Monday 24 September 2018

Judge decides INM chairman has privilege over 10 documents submitted to watchdog

INM chairman Leslie Buckley
INM chairman Leslie Buckley
Shane Phelan

Shane Phelan

THE President of the High Court has ruled that Leslie Buckley, the outgoing chairman of Independent News & Media, is entitled to claim privilege over 10 documents sought by the State's corporate enforcement watchdog.

The documents were part of a large tranche of material handed over by Mr Buckley after the Office of the Director of Corporate Enforcement (ODCE) began investigating a protected disclosure made by former INM chief executive Robert Pitt.

Mr Buckley supplied 275 documents to the ODCE, but claimed privilege over 11 of them.

Today, High Court President Peter Kelly decided that privilege attached to 10 of those documents, which largely related to correspondence between Mr Buckley, his solicitor Kenan Furlong and IT expert Derek Mizak.

The ODCE sought a range of documents from Mr Buckley as part of its investigation into a protected disclosure by Mr Pitt, made under whistleblowing legislation.

The disclosure arose out of an aborted bid for Newstalk, which is owned by INM’s largest shareholder Denis O’Brien.

Mr Buckley is a nominee of Mr O’Brien on the INM board. He is due is to step down from the board at an extraordinary general meeting on March 1.

Mr Pitt and Mr Buckley were reported to be at odds over the valuation of Newstalk, with Mr Pitt said to have attached a lower value to the radio station than Mr Buckley.

Since the ODCE began investigating the protected disclosure last year, its inquiry has reportedly widened to take in the handling of a “potential personal data breach” at the company.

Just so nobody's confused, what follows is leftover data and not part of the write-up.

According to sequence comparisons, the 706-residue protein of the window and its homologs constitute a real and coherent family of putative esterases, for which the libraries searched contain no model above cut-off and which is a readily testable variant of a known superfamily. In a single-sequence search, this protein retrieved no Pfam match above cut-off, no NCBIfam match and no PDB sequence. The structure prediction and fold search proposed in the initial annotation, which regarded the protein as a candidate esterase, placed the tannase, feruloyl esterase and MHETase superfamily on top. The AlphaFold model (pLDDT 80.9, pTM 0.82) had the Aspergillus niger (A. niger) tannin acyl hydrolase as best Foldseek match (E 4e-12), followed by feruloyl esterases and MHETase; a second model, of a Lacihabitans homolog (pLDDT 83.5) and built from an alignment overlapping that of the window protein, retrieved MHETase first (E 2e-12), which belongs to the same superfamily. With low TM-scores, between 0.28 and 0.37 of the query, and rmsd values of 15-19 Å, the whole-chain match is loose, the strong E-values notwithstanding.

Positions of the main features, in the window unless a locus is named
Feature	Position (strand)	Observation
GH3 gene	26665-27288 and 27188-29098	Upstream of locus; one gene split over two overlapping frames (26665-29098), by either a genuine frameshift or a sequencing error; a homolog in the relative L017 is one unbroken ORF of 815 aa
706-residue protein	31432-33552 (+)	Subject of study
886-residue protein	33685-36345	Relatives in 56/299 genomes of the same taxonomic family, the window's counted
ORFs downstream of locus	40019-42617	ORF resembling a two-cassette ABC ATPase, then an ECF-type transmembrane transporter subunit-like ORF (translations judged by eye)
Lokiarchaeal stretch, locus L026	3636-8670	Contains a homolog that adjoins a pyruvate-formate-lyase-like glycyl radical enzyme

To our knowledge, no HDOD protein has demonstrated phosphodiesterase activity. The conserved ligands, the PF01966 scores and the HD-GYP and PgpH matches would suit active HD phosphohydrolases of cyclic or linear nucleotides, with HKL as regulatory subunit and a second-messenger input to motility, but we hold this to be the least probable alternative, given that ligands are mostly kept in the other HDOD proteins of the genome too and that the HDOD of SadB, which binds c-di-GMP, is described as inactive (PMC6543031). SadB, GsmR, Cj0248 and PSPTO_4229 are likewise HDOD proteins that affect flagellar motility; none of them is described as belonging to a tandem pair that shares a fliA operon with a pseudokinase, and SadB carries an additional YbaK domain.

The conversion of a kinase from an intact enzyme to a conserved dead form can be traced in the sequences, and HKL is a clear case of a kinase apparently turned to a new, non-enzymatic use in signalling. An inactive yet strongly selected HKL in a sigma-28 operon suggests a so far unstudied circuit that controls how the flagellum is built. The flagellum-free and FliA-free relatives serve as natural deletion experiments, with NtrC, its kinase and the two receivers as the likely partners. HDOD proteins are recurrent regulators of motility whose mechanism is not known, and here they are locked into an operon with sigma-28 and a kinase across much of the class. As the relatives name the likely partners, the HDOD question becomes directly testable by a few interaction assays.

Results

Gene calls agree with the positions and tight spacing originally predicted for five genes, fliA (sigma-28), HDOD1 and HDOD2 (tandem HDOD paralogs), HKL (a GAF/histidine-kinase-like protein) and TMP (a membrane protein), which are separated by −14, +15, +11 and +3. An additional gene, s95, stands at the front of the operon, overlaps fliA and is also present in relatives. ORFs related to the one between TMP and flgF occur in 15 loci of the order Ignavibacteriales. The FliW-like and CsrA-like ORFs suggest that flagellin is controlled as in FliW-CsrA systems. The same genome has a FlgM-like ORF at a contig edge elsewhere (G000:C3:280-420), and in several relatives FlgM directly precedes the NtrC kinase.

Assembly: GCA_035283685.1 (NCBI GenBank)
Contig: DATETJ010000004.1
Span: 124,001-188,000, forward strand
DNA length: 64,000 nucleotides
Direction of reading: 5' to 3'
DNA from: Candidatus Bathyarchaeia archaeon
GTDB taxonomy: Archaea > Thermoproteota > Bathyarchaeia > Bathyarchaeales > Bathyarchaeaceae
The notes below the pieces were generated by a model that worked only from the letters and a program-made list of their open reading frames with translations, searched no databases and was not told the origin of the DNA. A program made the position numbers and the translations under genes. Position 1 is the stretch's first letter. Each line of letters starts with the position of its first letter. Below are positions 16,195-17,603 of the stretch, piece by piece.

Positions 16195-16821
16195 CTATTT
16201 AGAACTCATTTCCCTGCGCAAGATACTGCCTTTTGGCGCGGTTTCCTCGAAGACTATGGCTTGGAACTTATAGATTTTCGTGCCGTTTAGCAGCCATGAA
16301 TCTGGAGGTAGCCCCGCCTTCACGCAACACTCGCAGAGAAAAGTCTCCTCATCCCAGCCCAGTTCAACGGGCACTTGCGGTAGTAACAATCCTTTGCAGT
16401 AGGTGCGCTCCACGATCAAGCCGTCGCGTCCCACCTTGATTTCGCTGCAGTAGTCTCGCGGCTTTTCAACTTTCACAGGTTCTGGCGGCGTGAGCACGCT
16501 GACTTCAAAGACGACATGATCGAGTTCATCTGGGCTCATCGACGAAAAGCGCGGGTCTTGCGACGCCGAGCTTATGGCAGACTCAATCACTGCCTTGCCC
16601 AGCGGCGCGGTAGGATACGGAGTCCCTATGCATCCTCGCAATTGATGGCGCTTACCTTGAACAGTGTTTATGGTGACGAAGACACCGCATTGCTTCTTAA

In a ruling today, Mr Justice Kelly said the ODCE had requested the material from Mr Buckley on October 27 last year under section 780 of the Companies Act 2014, which gives the director the power to require the production of any books or documents from a company.

The judge said the ODCE had been involved over the last number of months in what is described as “a detailed engagement with INM”.

Mr Justice Kelly said this has given rise to a lengthy exchange of correspondence, the detail of which had no relevance to matters arising for the determination in the ODCE's application.

On November 17 last, the ODCE received documents it had sought from Mr Buckley, but these included eleven in respect of which privilege was claimed. These were handed over in a sealed envelope.

Mr Justice Kelly’s ruling went on to summarise the key points of an affidavit Mr Buckley filed in support of his claim of privilege.

In the affidavit Mr Buckley said the documents sought in the director’s request related to “a cost reduction exercise”.

“That exercise necessitated the engagement of external technical expertise,” said Mr Buckley.

He said the assistance was provided by Mr Mizak, an IT expert.

Mr Buckley said Mr Mizak, in turn, recommended the engagement of a specialist IT company to perform certain work.

“That cost reduction exercise, in particular the engagement of the specialist IT company, was the subject matter of a separate request made by the director under section 778 of the Companies Act 2014 on August 11, 2017,” said Mr Buckley.